A few of the closing scenes from the 1930 Hollywood production of "All Quiet on the Western Front" (Universal) starring Lewis Milestone.
These two clips, and the five that follow, are remarkably clever and admirable pieces of computer animation in which the eighty-five year old photographs of the World War One poets come to life reciting their famous verses.
This first one depicts the doomed poet Wilfred Owen "reading" his poem "Dulce et Decorum Est".
We can do no better than give the excellent concise notes from Wikipedia about this very sad and beautiful poem.It is read superbly by poet Alan Mumford from Hampstead of London.
"Dulce et Decorum Est" is a poem written by British poet and World War I soldier Wilfred Owen in 1917, and published posthumously in 1920. Owen's poem is known for its horrifying imagery and its condemnation of war."
Poet Siegfried Sassoon "reading" his poem "The Dug Out":
WHY do you lie with your legs ungainly huddled,
And one arm bent across your sullen, cold,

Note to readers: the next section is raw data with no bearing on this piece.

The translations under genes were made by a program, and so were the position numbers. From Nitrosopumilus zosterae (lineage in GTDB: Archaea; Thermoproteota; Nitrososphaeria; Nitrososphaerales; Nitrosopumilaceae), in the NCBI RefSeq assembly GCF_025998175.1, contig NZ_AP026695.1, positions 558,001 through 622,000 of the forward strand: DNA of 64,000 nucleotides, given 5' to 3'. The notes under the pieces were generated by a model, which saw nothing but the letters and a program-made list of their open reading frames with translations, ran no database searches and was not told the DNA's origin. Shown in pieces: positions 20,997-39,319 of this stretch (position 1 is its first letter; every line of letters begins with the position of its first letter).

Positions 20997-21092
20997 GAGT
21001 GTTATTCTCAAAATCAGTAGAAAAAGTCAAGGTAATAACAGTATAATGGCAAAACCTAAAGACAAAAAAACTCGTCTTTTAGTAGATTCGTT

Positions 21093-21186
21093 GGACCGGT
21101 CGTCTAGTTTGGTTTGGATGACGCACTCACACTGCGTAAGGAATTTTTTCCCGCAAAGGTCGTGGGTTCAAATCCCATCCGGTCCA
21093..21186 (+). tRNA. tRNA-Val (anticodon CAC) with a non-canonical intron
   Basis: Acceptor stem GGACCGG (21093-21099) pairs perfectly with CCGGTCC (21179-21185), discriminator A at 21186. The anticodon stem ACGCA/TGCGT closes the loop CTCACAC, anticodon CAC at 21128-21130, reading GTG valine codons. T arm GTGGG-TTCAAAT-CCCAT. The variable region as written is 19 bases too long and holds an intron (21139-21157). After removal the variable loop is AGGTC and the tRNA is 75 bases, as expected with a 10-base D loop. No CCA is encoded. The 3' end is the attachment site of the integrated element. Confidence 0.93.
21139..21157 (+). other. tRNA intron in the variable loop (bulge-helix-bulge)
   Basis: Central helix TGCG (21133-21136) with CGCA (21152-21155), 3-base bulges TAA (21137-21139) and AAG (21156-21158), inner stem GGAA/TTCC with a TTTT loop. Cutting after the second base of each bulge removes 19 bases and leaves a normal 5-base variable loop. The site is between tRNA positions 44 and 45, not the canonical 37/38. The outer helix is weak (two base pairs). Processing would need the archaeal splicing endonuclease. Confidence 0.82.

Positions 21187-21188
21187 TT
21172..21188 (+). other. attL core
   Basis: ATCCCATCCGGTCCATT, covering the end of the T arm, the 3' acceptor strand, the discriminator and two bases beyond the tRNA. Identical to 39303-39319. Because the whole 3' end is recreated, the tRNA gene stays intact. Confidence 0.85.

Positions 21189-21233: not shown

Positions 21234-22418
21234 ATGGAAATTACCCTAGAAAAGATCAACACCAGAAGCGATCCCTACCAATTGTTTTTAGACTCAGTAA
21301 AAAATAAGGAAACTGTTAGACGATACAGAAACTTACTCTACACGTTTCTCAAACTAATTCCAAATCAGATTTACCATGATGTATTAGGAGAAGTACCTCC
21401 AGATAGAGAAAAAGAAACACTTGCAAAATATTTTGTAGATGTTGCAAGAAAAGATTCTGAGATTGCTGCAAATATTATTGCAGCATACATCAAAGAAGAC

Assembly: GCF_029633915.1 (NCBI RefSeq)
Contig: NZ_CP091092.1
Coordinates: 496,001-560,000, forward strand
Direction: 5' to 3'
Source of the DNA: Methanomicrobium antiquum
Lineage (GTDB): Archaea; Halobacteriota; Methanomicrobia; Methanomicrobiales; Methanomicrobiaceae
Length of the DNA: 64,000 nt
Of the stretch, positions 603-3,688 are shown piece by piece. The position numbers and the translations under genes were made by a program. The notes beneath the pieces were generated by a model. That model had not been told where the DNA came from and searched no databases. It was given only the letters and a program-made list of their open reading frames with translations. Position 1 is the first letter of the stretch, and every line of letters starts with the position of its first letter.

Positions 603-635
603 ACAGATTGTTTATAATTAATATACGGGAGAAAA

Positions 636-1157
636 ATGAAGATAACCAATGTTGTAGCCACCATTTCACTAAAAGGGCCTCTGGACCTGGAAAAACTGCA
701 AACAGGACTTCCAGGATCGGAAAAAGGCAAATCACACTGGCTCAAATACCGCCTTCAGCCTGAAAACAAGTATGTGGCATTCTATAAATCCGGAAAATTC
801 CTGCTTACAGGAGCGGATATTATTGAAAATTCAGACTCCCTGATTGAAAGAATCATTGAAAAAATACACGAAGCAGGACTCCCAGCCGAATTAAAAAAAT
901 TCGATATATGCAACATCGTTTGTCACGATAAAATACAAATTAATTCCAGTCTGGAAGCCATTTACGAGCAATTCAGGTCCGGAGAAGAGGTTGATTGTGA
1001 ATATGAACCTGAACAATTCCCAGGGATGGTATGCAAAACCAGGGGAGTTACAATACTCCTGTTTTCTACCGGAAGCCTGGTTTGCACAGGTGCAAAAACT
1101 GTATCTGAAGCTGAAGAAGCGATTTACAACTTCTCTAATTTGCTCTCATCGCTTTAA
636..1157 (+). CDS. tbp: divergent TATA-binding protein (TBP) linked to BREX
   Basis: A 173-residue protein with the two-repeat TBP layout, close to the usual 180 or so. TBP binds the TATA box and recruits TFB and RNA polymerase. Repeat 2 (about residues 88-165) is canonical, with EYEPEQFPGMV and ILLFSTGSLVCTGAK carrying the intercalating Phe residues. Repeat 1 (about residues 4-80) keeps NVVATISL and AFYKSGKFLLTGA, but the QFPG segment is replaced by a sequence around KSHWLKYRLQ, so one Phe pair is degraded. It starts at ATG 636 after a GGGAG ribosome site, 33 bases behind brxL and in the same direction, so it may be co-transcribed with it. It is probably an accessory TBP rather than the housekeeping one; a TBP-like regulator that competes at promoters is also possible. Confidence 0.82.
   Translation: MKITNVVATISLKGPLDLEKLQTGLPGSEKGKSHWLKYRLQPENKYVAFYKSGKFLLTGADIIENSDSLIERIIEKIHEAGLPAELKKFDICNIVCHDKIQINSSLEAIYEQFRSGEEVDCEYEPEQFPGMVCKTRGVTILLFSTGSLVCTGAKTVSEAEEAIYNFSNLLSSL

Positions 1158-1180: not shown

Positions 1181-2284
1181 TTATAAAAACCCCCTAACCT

Exhausted face? It hurts my heart to watch you,
Deep-shadowed from the candle's guttering gold;
And you wonder why I shake you by the shoulder;
Drowsy, you mumble and sigh and turn your head . . . .
You are too young to fall asleep for ever;
And when you sleep you remind me of the dead.
Canadian poet John McCrae (1872 - 1918) was a medical officer in both the Boer War and World War I. A year into the latter war he published in Punch magazine, on December 8, 1915, the sole work by which he would be remembered. This sonnet commemorates the deaths of thousands of young men who died in Flanders during the grueling battles there. It created a great sensation, and was used widely as a recruiting tool, inspiring other young men to join the Army. Legend has it that he was inspired by seeing the blood-red poppies blooming in the fields where many friends had died. In 1918 McCrae died at the age of 40, in the way most men died during that war, not from a bullet or bomb, but from disease: pneumonia, in his case.